The Head of World Health Organisation (WHO) has said that Health officials from the United Nations (UN) and the European Union (EU) are set to meet this week on the AstraZeneca COVID-19 vaccine after several more countries suspended its use.
Speaking to journalists, WHO chief, Dr Tedros Adhanom Ghebreyesus said that WHO Advisory Committee on Vaccine Safety has been reviewing available data on the vaccine and will meet with the European Medicines Agency (EMA) this week.
The decision follows action by more countries to have the rollout of the vaccine suspended following health reports of blood clots in people that received the vaccine.
Germany, France, Italy, Spain, Portugal, Slovenia and Latvia have become the latest countries to temporarily halt the use of the shot.
The use of the vaccine was also suspended in the neighbouring Democratic Republic of Congo (DRC) on grounds that some of the people who received it developed blood clots while others died.
The latest suspensions add on to the initial countries which include Africa’s Malawi and South Africa, Austria, Canada, South Korea and Indonesia
“This does not necessarily mean these events are linked to vaccination, but its routine practice to investigate them, and it shows that the surveillance system works and that effective controls are in place”, Tedros said.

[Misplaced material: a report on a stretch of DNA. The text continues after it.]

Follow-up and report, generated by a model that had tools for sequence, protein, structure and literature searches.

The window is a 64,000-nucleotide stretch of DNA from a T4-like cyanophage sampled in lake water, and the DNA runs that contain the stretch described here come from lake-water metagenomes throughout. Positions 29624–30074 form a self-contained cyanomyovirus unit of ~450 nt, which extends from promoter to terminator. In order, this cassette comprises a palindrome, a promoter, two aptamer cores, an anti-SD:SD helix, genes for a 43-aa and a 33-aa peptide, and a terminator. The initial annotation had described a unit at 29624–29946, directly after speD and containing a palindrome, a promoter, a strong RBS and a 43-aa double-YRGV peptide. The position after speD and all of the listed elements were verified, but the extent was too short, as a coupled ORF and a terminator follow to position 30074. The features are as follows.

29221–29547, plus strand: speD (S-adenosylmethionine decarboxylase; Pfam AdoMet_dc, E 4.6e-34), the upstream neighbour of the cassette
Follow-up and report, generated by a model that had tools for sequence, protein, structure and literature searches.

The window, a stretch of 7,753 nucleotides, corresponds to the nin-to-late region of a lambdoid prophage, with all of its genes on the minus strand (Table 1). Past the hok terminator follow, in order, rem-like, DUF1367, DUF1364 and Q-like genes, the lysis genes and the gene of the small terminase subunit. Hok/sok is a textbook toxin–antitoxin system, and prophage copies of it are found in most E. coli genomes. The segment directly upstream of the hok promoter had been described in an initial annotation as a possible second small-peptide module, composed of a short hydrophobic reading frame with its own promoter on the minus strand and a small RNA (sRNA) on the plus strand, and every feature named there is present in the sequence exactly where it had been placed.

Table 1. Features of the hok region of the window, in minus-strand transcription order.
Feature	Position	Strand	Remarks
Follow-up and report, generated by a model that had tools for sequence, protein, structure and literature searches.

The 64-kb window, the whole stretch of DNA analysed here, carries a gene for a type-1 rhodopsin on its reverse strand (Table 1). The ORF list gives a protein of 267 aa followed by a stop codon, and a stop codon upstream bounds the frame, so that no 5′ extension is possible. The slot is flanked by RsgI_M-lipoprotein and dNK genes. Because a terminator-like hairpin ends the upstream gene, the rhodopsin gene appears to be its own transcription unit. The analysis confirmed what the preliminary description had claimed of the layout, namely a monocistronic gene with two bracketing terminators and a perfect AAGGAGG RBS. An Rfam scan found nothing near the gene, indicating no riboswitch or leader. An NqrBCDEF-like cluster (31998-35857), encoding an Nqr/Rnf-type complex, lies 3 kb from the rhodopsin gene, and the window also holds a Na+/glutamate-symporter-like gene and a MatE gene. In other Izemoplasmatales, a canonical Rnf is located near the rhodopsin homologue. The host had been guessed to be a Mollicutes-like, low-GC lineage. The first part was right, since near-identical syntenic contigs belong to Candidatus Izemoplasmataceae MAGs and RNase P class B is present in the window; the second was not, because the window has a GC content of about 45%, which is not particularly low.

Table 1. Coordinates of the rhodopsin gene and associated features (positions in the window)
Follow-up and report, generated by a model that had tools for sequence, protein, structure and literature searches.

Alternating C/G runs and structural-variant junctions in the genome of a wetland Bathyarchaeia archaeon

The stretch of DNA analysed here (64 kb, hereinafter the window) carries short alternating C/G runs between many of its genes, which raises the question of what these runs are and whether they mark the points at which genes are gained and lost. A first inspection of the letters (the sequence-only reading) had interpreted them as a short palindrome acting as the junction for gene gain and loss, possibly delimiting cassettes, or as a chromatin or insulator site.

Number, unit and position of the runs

Dr Mariângela Simão, the WHO Assistant Secretary-General, said the agency is working very closely with the medicines agency and with national regulatory authorities across the globe in assessing the adverse effects of the AstraZeneca vaccine and all other vaccines.
“WHO has not received reports about ‘thrombo-embolic events’ in other parts of the world,” she added.
Tedros however, stressed that the greatest threat most countries face now is lack of access to vaccines, saying he receives calls from leaders worldwide “almost every day” asking when their nations will receive doses through the COVAX initiative.
Meanwhile, Dr Alfred Driwale, the program manager of the Uganda National Expanded Programme on Immunization-UNEPI, announced yesterday that Uganda will not halt the use of the AstraZeneca vaccine, saying no severe effects have been reported so far.
“We have not received any complaints of severe reactions here among people who got the vaccine. The vaccine is safe and can protect against severe disease or death,” Driwale said.
According to the Health Ministry, the AstraZeneca vaccine provides immunity against severe forms of the disease or even death by over 70 percent.
Dr Driwale adds that AstraZeneca vaccine provides immunity against severe forms of the disease citing that the vaccine is the safest option to avoid death at the moment